T.G. this morning, as she was opening her window blinds: “Mr. Sunshine is trying to come out.”  

Me: “Yes, it looks like it’s going to be sunny today.”

T.G. “I think he said, ‘God, can I go outside today? I want to shine on everything.’”

It was so sweet!  =)

Friday, November 5, 2010

The Battle of Cowpens: A Unit Study

One day during his reading lesson a few weeks ago, Th read a story about a drummer boy named Alex who lived during the Revolutionary War. In the story, Alex's father joins the militia in fighting for their independence from the British. They were preparing to fight at Cowpens, and the story was based on an actual event (Morgan's men retreated because the signal boy, or drummer boy, gave the wrong signal). Morgan's quick thinking and decisive actions are ultimately what led to him winning the battle and forever etching his name in history.


For whatever reason, Th really enjoyed this story and made a personal connection with the main character, Alex. So, to stay true to the beauty and character of homeschooling, I used Th's interest to my advantage and we did an entire study on the history of the battle, the men involved, and it's relevance to our lives today. Here are some pictures of his learning along the way:



Completing a Venn diagram on characteristics of the 2 opposing leaders, General Daniel Morgan and Colonel Banastre Tarleton...



We read some excerpts from a diary from a real soldier who fought in the battle. His name was Thomas Young. Young celebrated his 17th birthday the day of the battle. For this assignment, Th was to pretend he was Thomas Young and describe the battle, his thoughts/feelings, and any other information he thought was pertinent to the day...

It reads:"It was my birthday and I was 17. It was really cold. We formed in order of the battle. The men are slapping their hands together to keep warm. I heard guns and shouts from the British. The air was white and black from guns and cannons. Smoke was all around. General Morgan said don't fire until you see the whites of their eyes. What a way to spend a birthday!"


Th drew a picture of the battle to go along with his fake journal entry...



At the monument just outside the visitor's center (it was a family field trip!)...



Th pretending he was a sharpshooter, aiming at the British...




Reading an informational marker at the battlefield...


I must admit that this has been my favorite study we've done so far (although we are only 10 weeks into the school year!). I guess because Th was really interested in this unit, he couldn't get enough information about it and he absorbed it like a sponge. We went to the library and checked out books, we talked about it outside of school "hours", and we planned our visit in anticipation of seeing the actual battlefield of which we had been studying. It was all very exciting!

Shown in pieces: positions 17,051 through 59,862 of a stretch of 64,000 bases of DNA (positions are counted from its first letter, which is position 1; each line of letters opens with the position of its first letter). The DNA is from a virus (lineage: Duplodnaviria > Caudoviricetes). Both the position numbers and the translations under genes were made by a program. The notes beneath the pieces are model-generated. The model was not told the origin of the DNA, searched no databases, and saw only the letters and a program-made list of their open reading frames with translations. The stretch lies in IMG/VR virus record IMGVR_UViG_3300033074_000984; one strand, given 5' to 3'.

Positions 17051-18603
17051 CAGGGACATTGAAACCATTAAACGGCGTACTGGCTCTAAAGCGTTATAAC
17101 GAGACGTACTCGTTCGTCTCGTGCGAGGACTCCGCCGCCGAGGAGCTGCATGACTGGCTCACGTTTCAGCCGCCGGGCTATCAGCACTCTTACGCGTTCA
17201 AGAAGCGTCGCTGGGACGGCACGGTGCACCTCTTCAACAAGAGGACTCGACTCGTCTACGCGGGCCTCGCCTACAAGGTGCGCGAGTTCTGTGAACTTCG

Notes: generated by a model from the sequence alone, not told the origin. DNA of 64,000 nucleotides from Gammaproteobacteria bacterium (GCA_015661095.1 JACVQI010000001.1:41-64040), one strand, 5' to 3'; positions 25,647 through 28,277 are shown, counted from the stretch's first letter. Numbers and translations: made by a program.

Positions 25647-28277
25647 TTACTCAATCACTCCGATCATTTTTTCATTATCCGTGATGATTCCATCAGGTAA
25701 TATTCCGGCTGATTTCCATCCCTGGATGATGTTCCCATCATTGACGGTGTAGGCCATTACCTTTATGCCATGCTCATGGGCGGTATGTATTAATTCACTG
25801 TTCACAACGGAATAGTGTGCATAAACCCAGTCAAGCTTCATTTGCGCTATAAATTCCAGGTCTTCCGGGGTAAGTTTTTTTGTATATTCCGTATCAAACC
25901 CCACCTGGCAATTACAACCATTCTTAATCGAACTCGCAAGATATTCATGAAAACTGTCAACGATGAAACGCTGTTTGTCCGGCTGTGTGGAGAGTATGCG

Making sense of the battle using color-coding. Can you follow it? =)

Thursday, November 4, 2010

Happy 4th birthday T.G.!

I can’t believe T.G. is 4 years old! Time just seems to pass
more and more quickly, especially as my children age. I remember when I found
out I was having a girl- I was so excited! I never could have imagined how
blessed I would be when God placed you in our family!
T.G., you are such a little princess, dainty and frilly in
every way. You make me smile because you are the complete opposite of me: you
adore wearing dresses, you LOVE to wear hair bows, and you absolutely refuse to
leave the house without accessorizing with jewelry! Pink, of course, is your
favorite color and according to you, one can never wear too much of it! You are
a whiz at putting puzzles together and the more pieces there are, the more you
enjoy doing them. You are great with Taylor Ann (your relationship with Teagan
is another story!) and I am thankful you enjoy helping me out by “babysitting”
her. It is obvious she loves you just as much as you love her. You adore your
big brothers and have fun partaking in different activities with each of them.
You love to catch bugs and other critters with Th, and getting into mischief
with Ta is also a fun pastime for you. As Teagan is getting older you are
becoming more involved with her, too. I love it when the two of you play with
your baby dolls, dressed up for your roles as “Mommy” to Chilly, Sarah, Brown
Baby, Grace, and Elizabeth, in addition to all the other un-named dolls we have. 
 
In spite of all of the above reasons as to why I am thankful
for you, my number one reason is because you have a desire to please God above
anyone else. My prayer for you, my beloved daughter, is that you would always
have that desire and live your life in service to Him. You don’t have a
personal relationship with Jesus yet, but by God’s grace you will one day
(hopefully soon).
Stats:
Age: 4
Height: 37 inches
Weight: 30 pounds
*Lord, thank you for this precious gift, my daughter T.G. I love her so much!